As a farming married couple, our vacations usually revolve around something ag related. One of my fondest memories of when we were dating was a road trip to pick up equipment in eastern Nebraska. I call it vacationing with a purpose.
Our latest trip, while not solely tied to agriculture, was for the 2015 Wyoming Global Tech Summit in Jackson, Wyo. (I blogged about that last time.). We were part of the agriculture contingent, so I think it fits our vacation modus operandi pretty well.
Participants during the 2015 Wyoming Global Tech Summit in Jackson, Wyo. mid September. Photo Courtesy of Governor Matt Mead’s Office.
Since both of us had been to Jackson several times, we skipped a lot of the regular attractions and sought out a couple sights we hadn’t seen before. While in this part of the world, you can literally stop every two minutes for a photo op, so you really have to pace yourself. It’s so gorgeous, but I didn’t go overboard with my paparazzi tendencies and was proud of myself for just soaking in God’s majesty.
Mead Family Ranch
We, of course, saw the Tetons. It was a great time of year to visit because the leaves were starting to turn. Unfortunately, the West has had a horrible fire season, so the air was pretty smoky and limited the clarity of our views. Even with the haze, it is always incredible to be at the foot of these mountains.
We also stopped to see the Moulton barn on Mormon Row. Probably one of the most photographed barns in the world, it is part of a series of homesteads settled in the 1890s. It’s inspiring to stand where these Pioneers once broke ground and endured back-breaking labor to survive.
Moulton Homestead on Mormon Row
Tyler by the famous Moulton Barn
Me in my pregnant glory (24 weeks, a.k.a. 6 months) with a pretty awesome backdrop.
It wouldn’t be a true Farmer Vacation without us investigating their irrigation system. Water was still flowing through the homestead properties.
The 1,756,892 picture ever taken of the Moulton Barn. That’s an approximate figure.
We stopped in Moose, Wyo. (yes, Moose) for lunch and visited the Craig Thomas Discovery and Visitor’s Center. Named for the late Senator from Wyoming, this center features spectacular views and interactive displays. Our main reason for detouring over to Moose, was to find the penny-smashing machine for a friend who collects them. We thought it was a fun reason to visit a place we’d otherwise not bother with.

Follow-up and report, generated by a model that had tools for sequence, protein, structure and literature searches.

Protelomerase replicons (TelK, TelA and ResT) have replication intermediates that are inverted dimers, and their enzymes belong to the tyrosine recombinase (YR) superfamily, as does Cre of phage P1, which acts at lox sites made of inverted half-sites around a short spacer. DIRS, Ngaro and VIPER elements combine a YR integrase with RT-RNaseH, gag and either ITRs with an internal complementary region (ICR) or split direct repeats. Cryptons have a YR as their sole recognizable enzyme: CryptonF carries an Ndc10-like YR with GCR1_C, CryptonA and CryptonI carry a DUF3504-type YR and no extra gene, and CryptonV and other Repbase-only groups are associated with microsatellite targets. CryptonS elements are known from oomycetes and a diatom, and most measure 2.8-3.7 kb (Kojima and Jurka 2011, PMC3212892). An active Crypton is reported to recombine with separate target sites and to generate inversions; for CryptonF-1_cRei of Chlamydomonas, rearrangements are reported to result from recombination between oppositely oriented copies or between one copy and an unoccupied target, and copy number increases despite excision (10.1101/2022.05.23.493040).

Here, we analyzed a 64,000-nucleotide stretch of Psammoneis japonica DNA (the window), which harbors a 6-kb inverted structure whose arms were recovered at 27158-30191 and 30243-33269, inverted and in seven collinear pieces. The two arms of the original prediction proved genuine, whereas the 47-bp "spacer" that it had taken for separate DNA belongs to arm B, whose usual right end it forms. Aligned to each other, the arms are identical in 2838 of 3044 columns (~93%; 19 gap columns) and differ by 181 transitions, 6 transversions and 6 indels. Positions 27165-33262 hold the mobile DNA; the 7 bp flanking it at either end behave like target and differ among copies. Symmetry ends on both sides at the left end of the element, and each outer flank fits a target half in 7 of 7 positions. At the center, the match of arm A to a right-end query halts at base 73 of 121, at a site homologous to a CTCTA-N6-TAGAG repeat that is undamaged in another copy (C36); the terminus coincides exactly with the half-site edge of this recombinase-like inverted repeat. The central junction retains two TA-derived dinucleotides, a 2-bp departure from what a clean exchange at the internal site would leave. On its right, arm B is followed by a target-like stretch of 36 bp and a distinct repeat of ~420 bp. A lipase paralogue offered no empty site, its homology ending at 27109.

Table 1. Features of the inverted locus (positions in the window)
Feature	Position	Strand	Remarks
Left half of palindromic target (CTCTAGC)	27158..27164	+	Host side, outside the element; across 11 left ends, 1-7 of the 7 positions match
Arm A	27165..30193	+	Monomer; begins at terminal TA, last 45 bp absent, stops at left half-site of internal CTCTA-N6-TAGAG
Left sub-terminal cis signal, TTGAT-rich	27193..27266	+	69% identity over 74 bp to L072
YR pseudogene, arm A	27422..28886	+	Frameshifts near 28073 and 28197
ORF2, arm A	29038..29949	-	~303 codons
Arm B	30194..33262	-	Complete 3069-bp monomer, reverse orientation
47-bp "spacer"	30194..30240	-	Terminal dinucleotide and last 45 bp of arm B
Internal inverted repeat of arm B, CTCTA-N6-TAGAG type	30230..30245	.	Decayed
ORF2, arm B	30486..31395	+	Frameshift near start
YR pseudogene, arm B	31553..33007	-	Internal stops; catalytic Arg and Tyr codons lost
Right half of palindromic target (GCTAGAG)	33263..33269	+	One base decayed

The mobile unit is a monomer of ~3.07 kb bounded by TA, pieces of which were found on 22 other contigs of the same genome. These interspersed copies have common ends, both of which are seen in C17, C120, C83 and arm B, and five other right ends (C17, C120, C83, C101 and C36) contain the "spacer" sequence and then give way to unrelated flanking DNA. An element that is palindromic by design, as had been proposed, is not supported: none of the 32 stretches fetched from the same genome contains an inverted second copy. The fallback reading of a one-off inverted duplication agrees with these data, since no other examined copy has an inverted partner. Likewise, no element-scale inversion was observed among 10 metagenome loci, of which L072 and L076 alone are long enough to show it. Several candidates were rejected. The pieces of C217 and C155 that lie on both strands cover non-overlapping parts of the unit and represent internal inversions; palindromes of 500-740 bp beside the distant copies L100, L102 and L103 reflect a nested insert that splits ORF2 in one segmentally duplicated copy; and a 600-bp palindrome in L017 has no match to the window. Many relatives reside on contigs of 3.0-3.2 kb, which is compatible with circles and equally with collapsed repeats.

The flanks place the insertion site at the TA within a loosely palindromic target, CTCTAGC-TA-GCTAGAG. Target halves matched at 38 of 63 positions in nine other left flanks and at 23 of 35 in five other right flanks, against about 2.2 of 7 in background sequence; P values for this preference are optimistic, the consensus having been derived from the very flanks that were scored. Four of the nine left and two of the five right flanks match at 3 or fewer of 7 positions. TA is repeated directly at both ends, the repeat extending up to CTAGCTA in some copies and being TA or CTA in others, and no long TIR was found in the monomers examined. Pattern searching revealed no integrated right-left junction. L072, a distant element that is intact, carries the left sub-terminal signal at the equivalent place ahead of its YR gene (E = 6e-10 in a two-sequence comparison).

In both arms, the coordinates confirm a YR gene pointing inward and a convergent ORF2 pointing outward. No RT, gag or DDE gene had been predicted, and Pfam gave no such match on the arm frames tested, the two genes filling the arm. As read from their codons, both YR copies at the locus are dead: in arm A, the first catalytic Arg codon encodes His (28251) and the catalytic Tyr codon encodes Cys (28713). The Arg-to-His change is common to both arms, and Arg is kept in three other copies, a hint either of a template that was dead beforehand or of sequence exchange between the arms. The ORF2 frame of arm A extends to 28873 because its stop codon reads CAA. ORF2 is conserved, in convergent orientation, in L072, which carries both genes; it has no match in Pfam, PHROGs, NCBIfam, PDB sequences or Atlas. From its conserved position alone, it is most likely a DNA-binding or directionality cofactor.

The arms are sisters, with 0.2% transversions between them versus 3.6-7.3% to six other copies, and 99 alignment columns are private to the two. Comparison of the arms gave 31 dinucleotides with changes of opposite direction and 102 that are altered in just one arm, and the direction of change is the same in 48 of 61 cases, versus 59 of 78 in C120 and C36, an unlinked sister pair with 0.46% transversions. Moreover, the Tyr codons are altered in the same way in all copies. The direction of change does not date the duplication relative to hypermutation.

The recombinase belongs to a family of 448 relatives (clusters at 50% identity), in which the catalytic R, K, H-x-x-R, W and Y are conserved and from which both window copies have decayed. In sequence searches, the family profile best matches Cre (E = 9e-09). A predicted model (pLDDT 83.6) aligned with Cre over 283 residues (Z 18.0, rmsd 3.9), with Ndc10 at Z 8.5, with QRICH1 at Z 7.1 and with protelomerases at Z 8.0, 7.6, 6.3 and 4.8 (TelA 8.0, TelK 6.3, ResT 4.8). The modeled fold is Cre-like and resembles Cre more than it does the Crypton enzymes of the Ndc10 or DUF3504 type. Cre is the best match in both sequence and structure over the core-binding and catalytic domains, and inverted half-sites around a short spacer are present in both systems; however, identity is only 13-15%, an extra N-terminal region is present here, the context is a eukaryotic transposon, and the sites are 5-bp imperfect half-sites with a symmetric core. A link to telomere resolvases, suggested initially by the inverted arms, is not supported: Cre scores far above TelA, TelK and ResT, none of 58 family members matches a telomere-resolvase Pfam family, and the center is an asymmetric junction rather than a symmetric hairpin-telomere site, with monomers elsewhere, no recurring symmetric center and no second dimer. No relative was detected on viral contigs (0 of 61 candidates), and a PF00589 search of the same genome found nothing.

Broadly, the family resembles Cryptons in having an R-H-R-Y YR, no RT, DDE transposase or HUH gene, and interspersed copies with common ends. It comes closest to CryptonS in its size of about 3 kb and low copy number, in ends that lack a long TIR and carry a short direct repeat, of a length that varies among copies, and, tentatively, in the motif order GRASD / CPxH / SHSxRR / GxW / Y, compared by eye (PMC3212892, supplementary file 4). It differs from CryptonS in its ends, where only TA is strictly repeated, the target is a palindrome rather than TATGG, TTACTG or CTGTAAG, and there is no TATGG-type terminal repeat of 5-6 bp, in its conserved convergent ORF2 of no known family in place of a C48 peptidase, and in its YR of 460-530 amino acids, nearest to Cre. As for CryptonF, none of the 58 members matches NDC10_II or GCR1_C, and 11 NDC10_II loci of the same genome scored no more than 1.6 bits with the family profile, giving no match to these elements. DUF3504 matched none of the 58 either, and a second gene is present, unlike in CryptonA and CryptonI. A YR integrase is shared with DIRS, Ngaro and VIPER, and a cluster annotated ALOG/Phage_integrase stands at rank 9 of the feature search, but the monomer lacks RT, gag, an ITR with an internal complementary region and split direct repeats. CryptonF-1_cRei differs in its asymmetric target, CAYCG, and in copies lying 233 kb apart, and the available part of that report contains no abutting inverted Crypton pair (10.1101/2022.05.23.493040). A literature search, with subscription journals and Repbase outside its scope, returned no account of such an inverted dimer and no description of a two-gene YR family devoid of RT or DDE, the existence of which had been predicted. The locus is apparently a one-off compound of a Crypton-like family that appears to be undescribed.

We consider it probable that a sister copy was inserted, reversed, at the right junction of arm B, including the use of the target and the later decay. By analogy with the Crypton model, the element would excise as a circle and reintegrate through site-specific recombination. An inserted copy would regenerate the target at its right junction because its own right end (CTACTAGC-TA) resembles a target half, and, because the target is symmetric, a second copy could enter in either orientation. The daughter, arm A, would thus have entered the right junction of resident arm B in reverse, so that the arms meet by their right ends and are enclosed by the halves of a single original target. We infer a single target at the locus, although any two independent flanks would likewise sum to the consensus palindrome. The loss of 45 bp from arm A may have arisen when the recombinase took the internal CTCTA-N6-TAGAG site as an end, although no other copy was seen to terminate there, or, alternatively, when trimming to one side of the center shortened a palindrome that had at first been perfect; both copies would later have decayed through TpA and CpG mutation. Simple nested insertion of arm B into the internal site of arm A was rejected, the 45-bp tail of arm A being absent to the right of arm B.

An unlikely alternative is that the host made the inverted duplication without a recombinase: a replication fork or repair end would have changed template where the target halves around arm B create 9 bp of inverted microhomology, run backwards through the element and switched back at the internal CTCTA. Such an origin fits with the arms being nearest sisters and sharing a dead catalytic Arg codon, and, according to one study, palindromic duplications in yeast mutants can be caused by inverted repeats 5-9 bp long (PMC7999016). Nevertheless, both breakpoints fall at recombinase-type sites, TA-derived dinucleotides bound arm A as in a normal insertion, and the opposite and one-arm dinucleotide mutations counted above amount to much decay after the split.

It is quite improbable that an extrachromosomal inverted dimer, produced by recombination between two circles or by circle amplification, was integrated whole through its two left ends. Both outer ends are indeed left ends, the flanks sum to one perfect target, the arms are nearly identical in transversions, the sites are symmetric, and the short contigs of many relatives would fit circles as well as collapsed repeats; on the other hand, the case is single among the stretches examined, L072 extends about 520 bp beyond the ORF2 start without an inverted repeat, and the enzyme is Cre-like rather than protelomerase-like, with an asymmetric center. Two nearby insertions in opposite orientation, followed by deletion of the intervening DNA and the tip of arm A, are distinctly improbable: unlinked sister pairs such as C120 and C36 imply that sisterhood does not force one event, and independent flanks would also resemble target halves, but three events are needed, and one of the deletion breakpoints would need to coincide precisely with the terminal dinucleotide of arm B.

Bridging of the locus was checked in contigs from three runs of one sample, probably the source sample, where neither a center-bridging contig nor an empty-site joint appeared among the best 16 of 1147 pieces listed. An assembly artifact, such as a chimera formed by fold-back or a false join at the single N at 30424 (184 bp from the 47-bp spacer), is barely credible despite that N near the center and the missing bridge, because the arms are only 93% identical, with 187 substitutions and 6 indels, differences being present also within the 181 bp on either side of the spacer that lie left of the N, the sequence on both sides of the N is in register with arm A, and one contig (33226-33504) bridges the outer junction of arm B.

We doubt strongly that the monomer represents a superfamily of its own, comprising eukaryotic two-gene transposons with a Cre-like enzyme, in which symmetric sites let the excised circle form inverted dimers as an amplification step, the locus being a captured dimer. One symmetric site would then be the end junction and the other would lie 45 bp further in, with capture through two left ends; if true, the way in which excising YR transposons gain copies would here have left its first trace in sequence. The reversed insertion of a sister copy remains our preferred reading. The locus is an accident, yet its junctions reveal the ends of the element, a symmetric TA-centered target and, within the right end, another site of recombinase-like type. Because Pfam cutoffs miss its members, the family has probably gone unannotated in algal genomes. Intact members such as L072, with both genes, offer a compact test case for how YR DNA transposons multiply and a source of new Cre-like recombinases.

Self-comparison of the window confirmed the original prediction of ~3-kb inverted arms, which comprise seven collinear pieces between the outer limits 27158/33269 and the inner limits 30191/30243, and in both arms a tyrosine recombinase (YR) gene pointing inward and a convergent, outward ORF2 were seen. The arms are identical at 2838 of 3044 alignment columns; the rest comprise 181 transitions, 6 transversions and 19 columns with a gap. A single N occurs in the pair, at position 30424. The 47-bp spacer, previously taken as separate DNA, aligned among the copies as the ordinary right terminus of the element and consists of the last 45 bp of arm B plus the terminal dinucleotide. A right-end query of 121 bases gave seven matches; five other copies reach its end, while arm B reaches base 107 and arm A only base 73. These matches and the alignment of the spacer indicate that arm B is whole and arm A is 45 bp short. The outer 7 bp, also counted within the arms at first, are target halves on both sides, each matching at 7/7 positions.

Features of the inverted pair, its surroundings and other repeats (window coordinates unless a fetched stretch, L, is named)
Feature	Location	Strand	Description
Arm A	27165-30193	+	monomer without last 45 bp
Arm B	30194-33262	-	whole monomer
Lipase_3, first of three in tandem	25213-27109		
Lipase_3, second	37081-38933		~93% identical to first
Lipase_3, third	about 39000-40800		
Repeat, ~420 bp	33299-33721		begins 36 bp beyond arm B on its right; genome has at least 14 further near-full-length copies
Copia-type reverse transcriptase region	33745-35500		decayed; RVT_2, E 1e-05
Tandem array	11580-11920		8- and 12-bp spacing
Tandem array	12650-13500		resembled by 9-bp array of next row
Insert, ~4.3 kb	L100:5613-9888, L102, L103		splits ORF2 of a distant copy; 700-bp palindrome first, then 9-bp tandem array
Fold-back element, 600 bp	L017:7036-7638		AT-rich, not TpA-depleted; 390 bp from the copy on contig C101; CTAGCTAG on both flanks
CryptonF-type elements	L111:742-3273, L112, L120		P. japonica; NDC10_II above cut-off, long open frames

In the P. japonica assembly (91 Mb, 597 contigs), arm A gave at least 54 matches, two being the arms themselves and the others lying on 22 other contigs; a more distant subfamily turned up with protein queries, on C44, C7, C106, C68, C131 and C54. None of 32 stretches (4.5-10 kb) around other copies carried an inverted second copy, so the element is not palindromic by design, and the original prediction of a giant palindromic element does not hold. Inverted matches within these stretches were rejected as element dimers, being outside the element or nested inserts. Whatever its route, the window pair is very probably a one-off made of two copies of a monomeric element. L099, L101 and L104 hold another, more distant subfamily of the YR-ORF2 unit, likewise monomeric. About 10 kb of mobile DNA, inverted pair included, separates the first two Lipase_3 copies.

Then we headed through Grand Teton National Park. For you married folks out there, you know how road trips can go. One person wants to stop at all the cool sights. The other person is worried the stopping might get out of control and we’ll end up spending eternity in northern Wyoming. So, all this to say, I wanted to get a really pretty picture in Grand Teton NP. There was a slight disagreement about it. The photo never happened. The end.
We then took a loop through Yellowstone National Park. We came through the south entrance by Lewis Lake, headed west to Old Faithful, looped up through Madison, Norris and Canyon Village, headed back down along the Yellowstone River, and went out the east entrance. We had many a bison encounter, saw a myriad of geo-thermal activity, and enjoyed gorgeous sights.
Because this was mostly a driving tour of Jellystone, we didn’t see a lot of wildlife. However, the bison viewing was abundant.
Yellowstone’s version of a cattle drive.
One of the reasons for hazy pictures. It couldn’t possibly be my amateur photography skills.
One word of caution to you fellow travelers out there. Don’t assume you can find a hotel room along the way. We had planned to stay overnight in Cody, but after stopping at five hotels and checking a couple websites, it appeared that out of 30+ hotels in this town, the only one that had rooms available was the Cockroach Inn. So instead of delaying our drive with a nice meal at a good sit-down restaurant, we grabbed some quick McDonalds and hurried down the road to Thermopolis where a bed awaited these weary travelers.
Hot Springs State Park
While I was none too happy about my vacation fare including fast food, the detour to Thermopolis ended up being a fun one. We took a little drive to see some of the farm ground outside of town. Then on our way back through town, we stopped at Hot Springs State Park. Tyler has fond memories of playing in the mineral pools as a kid. Although I’ve been through Thermop many a time, I’ve never actually stopped at the park, so it was long overdue.
The Wyoming State Park website says, “Over colorful terraces along the Big Horn River at Thermopolis flows water from mineral hot springs. More than 8,000 gallons flow over the terrace every 24 hours at a constant temperature of 135 degrees Fahrenheit.”
The Swinging Bridge over the Bighorn River. I’m afeared of heights, but I went across it anyway.
Then we headed back home so Tyler could get back to cutting and combining our beans, silage harvest, irrigating, etc. and I could get back to the 47 things on my to-do list.
After a long, stressful summer, it was so nice to get away for a few days. If it weren’t for Governor Mead’s invitation to the Summit, we probably wouldn’t have gone anywhere this summer/fall. I was desperate for one last trip together before Baby Girl Lauck arrives, and wasn’t looking forward to traveling in November when I’ll feel whale-esque. So hooray for vacationing with a purpose!
Where’d you go this summer?
God Bless You & American Agriculture,
He guards the paths of the just and protects those who are faithful to him. Then you will understand what is right, just, and fair, and you will find the right way to go. – Proverbs 2:8-9 (NLT)